Is it any wonder this happened in Florida?
You'd think she look first, but when paranoia sets in all logic is out the window.
Sounds like a real winner of a family. Typical gun owners. Prop the chair against the door for extra security??
Hopefully she her right to own a gun is taken away and she does some time for being such an idiot.
Again, a gun is multifold (20x) more likely to kill the owner, his/her family and friends than used in self defense.
We're long over due for a gun death that saves the life of the gun owner. Maybe this year?
How many murders and robberies don't happen because the would-be theif or murderer knows or thinks there is a gun on the other side of the door? I have some Mexican friends who say their old home town in Mexico is unsafe at night. Bullies have taken over the streets. They've been emboldened because nobody there has guns anymore. The government confiscated them.
Here is a story with more information:
This story answers some of the questions that I had. Did this take place in a neighborhood with gang activity? (NO) Did this take place in a high crime area? (NO) Had Maddox recently been the victim of a crime? (UNCERTAIN)
I don't see why this is a "Florida" thing. Maddox had called 911 a number of times in the last three years to report various suspicious goings-on in her neighborhood. However, none of the calls resulted in any arrests. The way I see it, Maddox decided to take matters into her own hands, but she was not the best planner (to put it politely). This all culminated with her literally firing a shot in the dark.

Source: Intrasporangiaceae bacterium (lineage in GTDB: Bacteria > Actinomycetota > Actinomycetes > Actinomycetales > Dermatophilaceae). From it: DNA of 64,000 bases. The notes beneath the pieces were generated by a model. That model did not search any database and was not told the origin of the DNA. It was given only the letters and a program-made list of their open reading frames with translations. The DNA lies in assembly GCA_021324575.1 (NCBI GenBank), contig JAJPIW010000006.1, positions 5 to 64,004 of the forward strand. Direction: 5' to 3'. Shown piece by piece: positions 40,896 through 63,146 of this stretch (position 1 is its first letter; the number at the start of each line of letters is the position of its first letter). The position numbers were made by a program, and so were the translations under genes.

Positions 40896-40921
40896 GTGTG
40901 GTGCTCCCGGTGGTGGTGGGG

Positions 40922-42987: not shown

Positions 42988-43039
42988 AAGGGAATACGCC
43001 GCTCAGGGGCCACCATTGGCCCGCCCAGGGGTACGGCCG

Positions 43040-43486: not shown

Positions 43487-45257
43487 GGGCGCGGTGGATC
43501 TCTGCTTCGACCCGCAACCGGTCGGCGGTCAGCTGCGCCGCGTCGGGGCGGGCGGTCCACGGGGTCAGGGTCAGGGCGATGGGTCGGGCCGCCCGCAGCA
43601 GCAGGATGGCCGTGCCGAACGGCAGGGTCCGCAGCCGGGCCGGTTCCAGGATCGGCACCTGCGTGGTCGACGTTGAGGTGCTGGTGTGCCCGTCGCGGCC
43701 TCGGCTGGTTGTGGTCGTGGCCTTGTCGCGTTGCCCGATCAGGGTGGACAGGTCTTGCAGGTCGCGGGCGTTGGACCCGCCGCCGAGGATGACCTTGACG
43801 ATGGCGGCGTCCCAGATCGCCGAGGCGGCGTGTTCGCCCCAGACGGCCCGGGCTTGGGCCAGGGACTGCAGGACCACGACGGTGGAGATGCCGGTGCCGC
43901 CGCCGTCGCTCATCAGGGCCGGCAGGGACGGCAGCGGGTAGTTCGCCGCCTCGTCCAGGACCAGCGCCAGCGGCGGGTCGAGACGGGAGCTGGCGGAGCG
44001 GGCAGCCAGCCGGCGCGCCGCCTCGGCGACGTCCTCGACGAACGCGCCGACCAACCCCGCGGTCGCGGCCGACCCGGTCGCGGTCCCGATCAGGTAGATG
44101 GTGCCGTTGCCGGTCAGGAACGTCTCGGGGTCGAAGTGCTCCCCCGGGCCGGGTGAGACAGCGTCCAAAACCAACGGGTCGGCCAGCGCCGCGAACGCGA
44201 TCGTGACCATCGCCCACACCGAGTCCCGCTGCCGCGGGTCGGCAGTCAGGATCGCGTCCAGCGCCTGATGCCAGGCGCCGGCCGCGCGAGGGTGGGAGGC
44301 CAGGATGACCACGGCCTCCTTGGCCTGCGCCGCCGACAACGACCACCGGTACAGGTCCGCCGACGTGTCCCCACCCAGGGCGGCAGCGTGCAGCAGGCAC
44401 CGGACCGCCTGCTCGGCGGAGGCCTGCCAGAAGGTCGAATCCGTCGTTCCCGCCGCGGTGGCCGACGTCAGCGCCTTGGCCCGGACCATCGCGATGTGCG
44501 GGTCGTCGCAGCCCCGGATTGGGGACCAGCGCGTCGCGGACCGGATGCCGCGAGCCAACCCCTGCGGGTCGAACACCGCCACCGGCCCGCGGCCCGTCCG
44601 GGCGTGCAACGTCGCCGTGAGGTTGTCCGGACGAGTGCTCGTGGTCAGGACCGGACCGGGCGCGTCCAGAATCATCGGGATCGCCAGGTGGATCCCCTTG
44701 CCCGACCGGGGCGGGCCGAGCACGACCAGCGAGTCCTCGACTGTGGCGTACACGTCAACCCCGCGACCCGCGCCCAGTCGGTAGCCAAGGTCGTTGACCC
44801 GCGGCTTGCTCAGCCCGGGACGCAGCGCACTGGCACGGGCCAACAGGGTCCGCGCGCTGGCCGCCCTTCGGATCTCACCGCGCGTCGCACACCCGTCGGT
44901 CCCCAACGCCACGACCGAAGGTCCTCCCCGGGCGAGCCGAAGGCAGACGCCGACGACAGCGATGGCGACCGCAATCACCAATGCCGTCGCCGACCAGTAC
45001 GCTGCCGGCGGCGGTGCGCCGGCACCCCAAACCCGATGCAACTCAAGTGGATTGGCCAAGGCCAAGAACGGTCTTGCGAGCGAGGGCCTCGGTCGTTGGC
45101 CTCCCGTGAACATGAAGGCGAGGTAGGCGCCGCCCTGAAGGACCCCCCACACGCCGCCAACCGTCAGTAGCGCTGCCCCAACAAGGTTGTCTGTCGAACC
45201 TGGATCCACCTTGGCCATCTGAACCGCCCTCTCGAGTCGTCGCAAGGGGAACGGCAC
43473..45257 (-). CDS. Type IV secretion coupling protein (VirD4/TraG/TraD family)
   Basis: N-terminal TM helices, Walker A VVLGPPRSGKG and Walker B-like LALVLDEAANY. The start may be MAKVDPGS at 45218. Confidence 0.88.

"Maddox decided to take matters into her own hands"
She was itching for a chance to use her gun.
This is a case where we could do some good.
Flat out, this woman got too scared to deal rationally. A gun is an offensive thing. There is some basic intimidation involved with the knowing it's there, etc... but the real potency is in the offensive nature.
Scared people need to not be scared, feel safe and have some reasonable expectation of safety, not just an illusion of it.
Adding a dog to this mix, for example, would have done wonders. Making some mental health available would help too. Her experiences with the foster teens may well have contributed to fear. Those kids are often not easy, and they frequently bring trouble as well as create it. (I know this from personal experiences as an adoptive foster parent)
In addition to the dog, there is a lot of home / neighborhood safety / security options which could have helped, and still can.
Overall neighborhood presentation. If it looks the easy mark, it simply is, guns or no. Clean up, signage, and other "go away" type things don't cost much and are really effective.
Watch program, though we know those can go bad, depending.
Improved police presence. Some participation could do wonders here too, and that could be in the form of advice / consulting to improve risk / reward and contribute very significantly to the feeling and reality of improved safety, which helps with fear and preserves rationality.
Education. There is a lot of ignorance out there regarding basic home security issues.
IMHO, these kinds of cases would benefit from some dollars. Perhaps dealing with gun issues involves identifying things like this and taking and paying for steps to remedy them, or at the least, improve things and empower people to make much better choices.
Defensive options that bend the risk / reward curve away from various property / people crimes are broad based, easy to maintain, and directly impact gun violence in a favorable way. No brainer.